At Sony, Joe acquires forty movies a year of all genres, some of which are distributed by Sony and others with indie labels. Some movies can be bought at script stage, if there is a package attached, while others can be very execution depended — distributors may wait to see the movie, even though it can be more competitive.
When Joe first began in the acquisitions world as an assistant, he didn’t even know what “acquisitions” was. He soon discovered that the purchasing of film properties was an art form and one for which he had a knack. Deciding what to buy and when to buy it is a game for which there is no definitive strategy. Joe Matukewicz considers many factors including cast, execution, genre, social/political climate at the time and, of course, story. The one thing he doesn’t care about is the film’s budget. The producers are never obligated to reveal the true budget of the film. However, Joe will ask as many people involved with the film as he can what the budget is, but mainly to see how many different answers he can get. This will reveal the filmmakers’ expectation of how much they can sell it for, which is a more important factor in how much the film will end up costing him than the budget itself.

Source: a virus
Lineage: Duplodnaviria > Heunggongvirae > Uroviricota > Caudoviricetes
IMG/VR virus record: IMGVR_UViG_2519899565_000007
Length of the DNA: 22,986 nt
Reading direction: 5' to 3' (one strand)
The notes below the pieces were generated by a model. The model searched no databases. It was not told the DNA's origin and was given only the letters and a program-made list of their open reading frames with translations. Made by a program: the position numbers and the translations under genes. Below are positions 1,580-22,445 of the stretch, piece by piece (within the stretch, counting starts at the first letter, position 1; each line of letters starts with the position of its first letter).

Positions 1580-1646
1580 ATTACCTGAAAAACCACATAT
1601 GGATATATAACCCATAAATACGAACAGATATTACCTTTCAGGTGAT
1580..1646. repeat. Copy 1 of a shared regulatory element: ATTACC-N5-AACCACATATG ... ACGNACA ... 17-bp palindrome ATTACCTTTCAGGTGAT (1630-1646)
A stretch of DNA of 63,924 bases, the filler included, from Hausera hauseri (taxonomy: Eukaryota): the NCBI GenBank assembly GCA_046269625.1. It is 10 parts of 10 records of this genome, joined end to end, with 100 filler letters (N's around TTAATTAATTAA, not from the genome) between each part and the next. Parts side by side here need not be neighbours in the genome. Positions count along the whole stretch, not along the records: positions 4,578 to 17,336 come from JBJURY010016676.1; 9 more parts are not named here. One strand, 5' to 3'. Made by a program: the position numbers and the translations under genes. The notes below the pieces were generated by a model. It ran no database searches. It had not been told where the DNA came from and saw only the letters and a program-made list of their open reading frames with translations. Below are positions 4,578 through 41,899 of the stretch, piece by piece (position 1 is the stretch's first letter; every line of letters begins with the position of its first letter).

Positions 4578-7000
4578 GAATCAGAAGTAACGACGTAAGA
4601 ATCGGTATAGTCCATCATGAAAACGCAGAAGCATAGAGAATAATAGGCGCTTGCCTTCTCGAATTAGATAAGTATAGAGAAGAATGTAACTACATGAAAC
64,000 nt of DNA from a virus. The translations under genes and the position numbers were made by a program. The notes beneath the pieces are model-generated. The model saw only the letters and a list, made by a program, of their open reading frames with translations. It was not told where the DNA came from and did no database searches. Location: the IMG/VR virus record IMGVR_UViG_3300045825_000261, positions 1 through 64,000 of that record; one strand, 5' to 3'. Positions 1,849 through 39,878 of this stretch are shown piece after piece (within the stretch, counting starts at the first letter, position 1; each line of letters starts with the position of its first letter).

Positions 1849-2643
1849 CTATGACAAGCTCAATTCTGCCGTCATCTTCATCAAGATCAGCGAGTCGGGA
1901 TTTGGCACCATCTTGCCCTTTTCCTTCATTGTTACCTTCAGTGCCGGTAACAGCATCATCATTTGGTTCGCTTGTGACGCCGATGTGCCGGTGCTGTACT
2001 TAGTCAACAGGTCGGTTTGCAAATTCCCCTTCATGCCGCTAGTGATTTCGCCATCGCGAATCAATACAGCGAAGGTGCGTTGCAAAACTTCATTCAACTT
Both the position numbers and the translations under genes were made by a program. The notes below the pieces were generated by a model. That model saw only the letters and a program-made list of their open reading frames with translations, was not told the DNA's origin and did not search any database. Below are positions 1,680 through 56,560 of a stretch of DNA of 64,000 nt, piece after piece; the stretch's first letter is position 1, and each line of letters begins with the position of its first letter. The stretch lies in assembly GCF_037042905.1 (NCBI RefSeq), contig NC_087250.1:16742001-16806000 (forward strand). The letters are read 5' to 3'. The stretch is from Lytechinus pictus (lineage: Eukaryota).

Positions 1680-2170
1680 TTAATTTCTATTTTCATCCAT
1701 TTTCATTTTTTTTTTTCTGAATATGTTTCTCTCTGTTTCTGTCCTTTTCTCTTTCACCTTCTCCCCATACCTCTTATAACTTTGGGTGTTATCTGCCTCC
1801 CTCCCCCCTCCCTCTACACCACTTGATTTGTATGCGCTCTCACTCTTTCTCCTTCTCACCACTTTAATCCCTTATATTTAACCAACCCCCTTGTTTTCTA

Mr. Matukewicz acquired The Skeleton Twins at this past Sundance Film Festival. His yearly schedule is jam-packed with film festival appearances. Although his job is exhausting, traveling around the world, watching films and making big picture deals is an exciting gig that Joe is very grateful to have. We wish Joe Matukewicz continued success in the world of acquisitions and hope that his next purchase makes a huge splash in a theater near you.
New York Film Academy Los Angeles students were treated this month to a screening of the cult smash hit Donnie Darko at Warner Bros. studios. Following the screening was a Q&A with the producer Adam Fields, moderated by Tova Laiter.